Sony Computer Entertainment Worldwide Studios boss Shuhei Yoshida says he's "disappointed" with some of the early PS4 software review scores but isn't worried about the impact they'll have on the console's launch.
"It's disappointing to see some of the low scores," Yoshida told GamesIndustry.biz. "I haven't spent enough time reading reviews, but I would characterise them as mixed.
"With this launch there are lots of games coming out, so the media must be very busy going through the games quickly, and especially since the online functionality wasn't ready until in the last couple days. So we have to look at how much time they spend on what aspect of the games and how that may be contributing to some of the lower scores.
"It's disappointing but I don't think it's worrisome for the launch of the system," Yoshida added. "I've played through all of our games, Killzone, Knack and Resogun, and I totally enjoyed playing through these games. I'm now on my second run of Knack and Resogun at a higher difficulty - these games really grow on you when you play more. I'm very confident that once you purchase these games and play, you'll be happy that you've done so."
Commenting further on the critical response to Knack, a game headed up by PS4 lead system architect Mark Cerny, Yoshida said he'd hoped the title would score higher.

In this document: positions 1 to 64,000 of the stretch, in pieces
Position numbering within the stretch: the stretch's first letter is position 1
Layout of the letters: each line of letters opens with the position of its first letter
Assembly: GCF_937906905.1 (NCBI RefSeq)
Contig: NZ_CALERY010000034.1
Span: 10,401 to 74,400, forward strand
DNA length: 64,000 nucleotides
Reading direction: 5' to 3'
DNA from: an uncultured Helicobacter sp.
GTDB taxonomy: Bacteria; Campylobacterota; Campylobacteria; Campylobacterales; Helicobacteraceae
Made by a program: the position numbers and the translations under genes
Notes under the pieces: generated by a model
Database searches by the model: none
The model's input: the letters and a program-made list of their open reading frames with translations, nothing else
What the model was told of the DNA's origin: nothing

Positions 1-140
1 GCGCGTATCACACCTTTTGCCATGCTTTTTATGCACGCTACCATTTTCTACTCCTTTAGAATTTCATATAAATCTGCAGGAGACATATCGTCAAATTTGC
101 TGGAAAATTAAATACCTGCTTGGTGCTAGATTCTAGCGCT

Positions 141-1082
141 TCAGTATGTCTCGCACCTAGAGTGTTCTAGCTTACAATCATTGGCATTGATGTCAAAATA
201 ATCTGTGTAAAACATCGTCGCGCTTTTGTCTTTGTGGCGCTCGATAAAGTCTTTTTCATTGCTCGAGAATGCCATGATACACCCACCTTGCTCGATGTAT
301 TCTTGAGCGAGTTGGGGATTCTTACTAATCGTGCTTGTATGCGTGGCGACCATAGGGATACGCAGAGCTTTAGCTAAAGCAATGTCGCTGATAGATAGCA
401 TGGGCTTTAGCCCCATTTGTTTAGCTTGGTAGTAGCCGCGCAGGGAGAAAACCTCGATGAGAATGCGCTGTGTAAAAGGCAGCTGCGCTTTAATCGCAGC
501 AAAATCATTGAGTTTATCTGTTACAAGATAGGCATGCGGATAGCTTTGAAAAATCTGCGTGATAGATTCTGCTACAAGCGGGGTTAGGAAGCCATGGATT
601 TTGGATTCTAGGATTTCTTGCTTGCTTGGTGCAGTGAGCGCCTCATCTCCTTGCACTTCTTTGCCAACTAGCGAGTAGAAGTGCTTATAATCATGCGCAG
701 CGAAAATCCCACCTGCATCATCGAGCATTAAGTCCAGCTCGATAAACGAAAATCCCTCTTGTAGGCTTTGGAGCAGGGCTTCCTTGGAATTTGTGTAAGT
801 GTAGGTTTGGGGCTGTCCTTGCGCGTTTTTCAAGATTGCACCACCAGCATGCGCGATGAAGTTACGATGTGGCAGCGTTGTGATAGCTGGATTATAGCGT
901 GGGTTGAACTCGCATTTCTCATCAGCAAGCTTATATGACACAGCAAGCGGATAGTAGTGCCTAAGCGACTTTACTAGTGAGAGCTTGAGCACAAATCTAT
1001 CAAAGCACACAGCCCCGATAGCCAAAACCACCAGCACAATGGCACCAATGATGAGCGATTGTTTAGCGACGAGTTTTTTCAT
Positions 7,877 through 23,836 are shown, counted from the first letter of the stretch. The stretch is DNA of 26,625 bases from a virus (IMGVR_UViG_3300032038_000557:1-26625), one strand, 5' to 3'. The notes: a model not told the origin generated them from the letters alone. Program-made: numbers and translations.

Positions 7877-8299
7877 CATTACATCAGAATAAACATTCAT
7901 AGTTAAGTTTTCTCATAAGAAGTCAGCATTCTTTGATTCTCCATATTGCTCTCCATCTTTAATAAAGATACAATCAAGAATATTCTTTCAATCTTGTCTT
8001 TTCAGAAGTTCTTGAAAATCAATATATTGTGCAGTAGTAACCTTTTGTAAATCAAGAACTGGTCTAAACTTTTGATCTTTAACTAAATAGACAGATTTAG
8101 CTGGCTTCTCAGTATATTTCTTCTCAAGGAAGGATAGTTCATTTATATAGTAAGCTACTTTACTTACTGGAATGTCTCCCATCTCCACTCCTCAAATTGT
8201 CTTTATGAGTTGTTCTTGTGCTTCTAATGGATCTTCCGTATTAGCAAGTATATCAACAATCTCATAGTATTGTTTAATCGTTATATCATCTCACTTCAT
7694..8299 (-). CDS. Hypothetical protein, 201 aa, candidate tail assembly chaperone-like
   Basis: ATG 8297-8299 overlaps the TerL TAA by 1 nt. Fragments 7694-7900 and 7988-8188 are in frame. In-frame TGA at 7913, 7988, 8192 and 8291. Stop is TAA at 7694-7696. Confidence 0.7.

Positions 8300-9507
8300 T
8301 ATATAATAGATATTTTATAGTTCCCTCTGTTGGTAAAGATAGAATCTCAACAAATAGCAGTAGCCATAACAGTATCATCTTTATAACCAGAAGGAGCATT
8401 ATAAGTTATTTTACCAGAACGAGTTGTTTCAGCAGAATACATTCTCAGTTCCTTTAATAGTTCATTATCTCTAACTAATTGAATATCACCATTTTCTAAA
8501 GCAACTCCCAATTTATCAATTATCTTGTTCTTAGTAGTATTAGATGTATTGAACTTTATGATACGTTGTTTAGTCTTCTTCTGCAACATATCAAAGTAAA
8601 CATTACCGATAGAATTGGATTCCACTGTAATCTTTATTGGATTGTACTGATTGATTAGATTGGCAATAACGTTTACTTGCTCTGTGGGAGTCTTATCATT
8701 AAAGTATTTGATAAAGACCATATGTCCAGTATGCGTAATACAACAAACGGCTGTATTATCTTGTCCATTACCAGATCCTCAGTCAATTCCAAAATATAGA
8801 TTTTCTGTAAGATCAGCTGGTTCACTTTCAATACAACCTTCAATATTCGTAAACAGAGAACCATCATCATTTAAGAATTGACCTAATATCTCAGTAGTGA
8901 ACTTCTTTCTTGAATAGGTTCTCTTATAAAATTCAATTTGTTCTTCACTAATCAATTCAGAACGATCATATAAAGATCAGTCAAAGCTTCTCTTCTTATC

"The game wasn't designed [to meet specific] review scores - I was hoping Knack could score in the mid 70s and last I checked it's around 59-60, so I'm hoping it goes up. The game uses only three buttons to play, so it's not the type of game reviewers would score high for the launch of a next-gen system.
"The game was targeted as what we call a second purchase; you know, people may purchase PS4 for Call of Duty or Assassin's Creed or Killzone, but if they also buy Knack, this is a game that you can play with your family or your significant other.
"It's a message that as a platform we are not just trying to cater only to the hardcore, shooter audience - we are looking at all kinds of gamers - but Knack is a great game for core gamers as well because when you up the difficulty level it becomes a really tight, tense action brawler.
"But the goal was to design it to be played by anyone, even someone who's never played before. So it wasn't aimed at high review scores, even though higher would be appreciated! Killzone is different - it's definitely targeted to the core gaming audience and we're still waiting on more reviews because some sites are saying they played single player but not enough multiplayer. So I'll wait with my personal judgment until I read more reviews."